Alta, Utah, began as a silver mining town in 1865. At its peak in the late 1800’s it had an estimated population of 8000 and about 180 buildings – 26 of which were bars. Apparently the Utah liquor laws were different back in those days.
By the time of the Great Depression the mining boom had dwindled out and most of the buildings had been destroyed by a series of avalanches. However adventurous skiers had begun hiking up Little Cottonwood Canyon to enjoy what is now the Alta ski area. In the winter of 1935-1936 the United States Forest Service retained a professional ski jumper, Alf Engen, to examine potential sites for ski areas and Alta was one of the sites Engen visited. In 1937 based on Engen’s recommendations, the Forest Service obtained surface rights to 1800 acres from George Watson who had purchased most of the mining property in the canyon. (The Watson Shelter is named for him.) The Salt Lake Winter Sports Association raised the money needed to convert an old mining tramway into a chairlift and on January 15, 1939, the original Collins lift went into service.
You may recall that the first chairlift was built at Sun Valley in 1936. In fact, the team that Averell Harriman hired to find a location for his ski area had actually looked at Alta, but chose Sun Valley instead.
In conjunction with the Collins lift, a lodge was built to serve as a warming shelter for Alta day skiers. Initially called the Rock Shelter, it is now called the Snowpine lodge. Stowe Mountain Host Bill Kornrumpf was the first to identify the Snowpine as the oldest of Alta’s lodges and Greg Dirmaier added that Rock Shelter had been its original name.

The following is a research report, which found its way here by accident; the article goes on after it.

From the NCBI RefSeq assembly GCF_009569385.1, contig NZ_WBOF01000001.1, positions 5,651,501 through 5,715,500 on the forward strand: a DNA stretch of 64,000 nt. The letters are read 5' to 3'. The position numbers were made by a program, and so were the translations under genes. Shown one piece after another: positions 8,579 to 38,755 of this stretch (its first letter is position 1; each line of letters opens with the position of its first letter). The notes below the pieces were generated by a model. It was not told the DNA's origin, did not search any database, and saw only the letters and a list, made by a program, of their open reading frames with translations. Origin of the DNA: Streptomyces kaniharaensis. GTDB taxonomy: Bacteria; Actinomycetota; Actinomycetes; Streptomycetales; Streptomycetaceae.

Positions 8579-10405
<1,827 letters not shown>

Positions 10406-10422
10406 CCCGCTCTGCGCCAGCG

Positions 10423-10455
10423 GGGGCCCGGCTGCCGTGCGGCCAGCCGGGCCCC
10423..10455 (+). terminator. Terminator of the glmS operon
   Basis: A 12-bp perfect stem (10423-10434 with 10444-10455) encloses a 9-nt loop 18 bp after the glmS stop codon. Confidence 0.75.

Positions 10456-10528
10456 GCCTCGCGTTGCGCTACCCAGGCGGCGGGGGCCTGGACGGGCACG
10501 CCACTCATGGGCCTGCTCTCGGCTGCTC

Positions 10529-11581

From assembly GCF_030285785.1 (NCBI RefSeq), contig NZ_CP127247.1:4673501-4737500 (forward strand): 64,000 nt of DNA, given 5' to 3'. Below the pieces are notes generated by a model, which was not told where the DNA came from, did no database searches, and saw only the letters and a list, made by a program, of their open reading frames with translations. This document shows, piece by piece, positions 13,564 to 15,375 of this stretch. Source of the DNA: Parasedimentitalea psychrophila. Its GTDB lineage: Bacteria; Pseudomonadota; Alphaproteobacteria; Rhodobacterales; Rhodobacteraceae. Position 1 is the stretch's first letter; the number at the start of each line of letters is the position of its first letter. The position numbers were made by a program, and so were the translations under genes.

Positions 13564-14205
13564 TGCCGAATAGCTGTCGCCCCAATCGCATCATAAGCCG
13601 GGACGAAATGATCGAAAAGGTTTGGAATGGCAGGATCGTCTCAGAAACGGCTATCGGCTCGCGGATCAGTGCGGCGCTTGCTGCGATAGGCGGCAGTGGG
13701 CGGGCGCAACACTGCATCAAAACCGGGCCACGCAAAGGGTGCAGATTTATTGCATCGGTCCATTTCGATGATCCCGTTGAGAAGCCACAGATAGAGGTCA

On my most memorable Alta trip I stayed at the Snowpine Lodge . However it wasn’t the lodge that made the trip memorable, but the snow and the skiing.
It was around the first of March in 1996 when I saved the company some airfare by extending a business trip to ski several days at Alta. It snowed every day I was there in ever increasing amounts. On my last day I awoke to the welcome thumping of explosive charges. When I went down to breakfast, I learned it was a good-news/bad-news story: twenty one inches of snow overnight, but we were in an Interlodge. An Interlodge is when you are not allowed outside of your lodge until avalanche danger is deemed safe.
Breakfast became a more laidback affair with many tales of Interlodges past. Maybe because this was my first Interlodge, I was a little more vigilant than most about when it was lifted. I was the second one out of the lodge.
The Snowpine is located above the Alta lift area so your first run of the day is down to the lift. That gave me my first taste of the new snow. This wasn’t the light blower powder for which Alta is famous. It was a denser snow and you actually ended up skiing almost on top of it. Still, turning was pretty easy.
Now another thing that made this trip memorable was that I had the good fortune to meet a group of Stowe regulars anchored by Craig Echo who knew Alta inside-and-out. They had dragged me places I would never have found skiing alone. It took me a couple of runs on that last powder day to catch up with them (they were staying at the Peruvian), but once again we found ample runs with untracked snow.
I had been to Alta quite a few times dating back to the early 1970’s, but I was not an “Altaholic”. I felt there was too much traversing and hiking; however this trip converted me. Combining great snow with a group that knew how to take advantage of the hiking and traversing made me a believer.
At 4:29 on that last afternoon I caught the Germania chairlift for one last solo run. I hiked up to the High Traverse and took it all the way past Alf’s High Rustler into Eagle’s Nest. Lower down where the trees become sparser there were still untracked lines to be skied.
I was the last one back to the Snowpine that afternoon.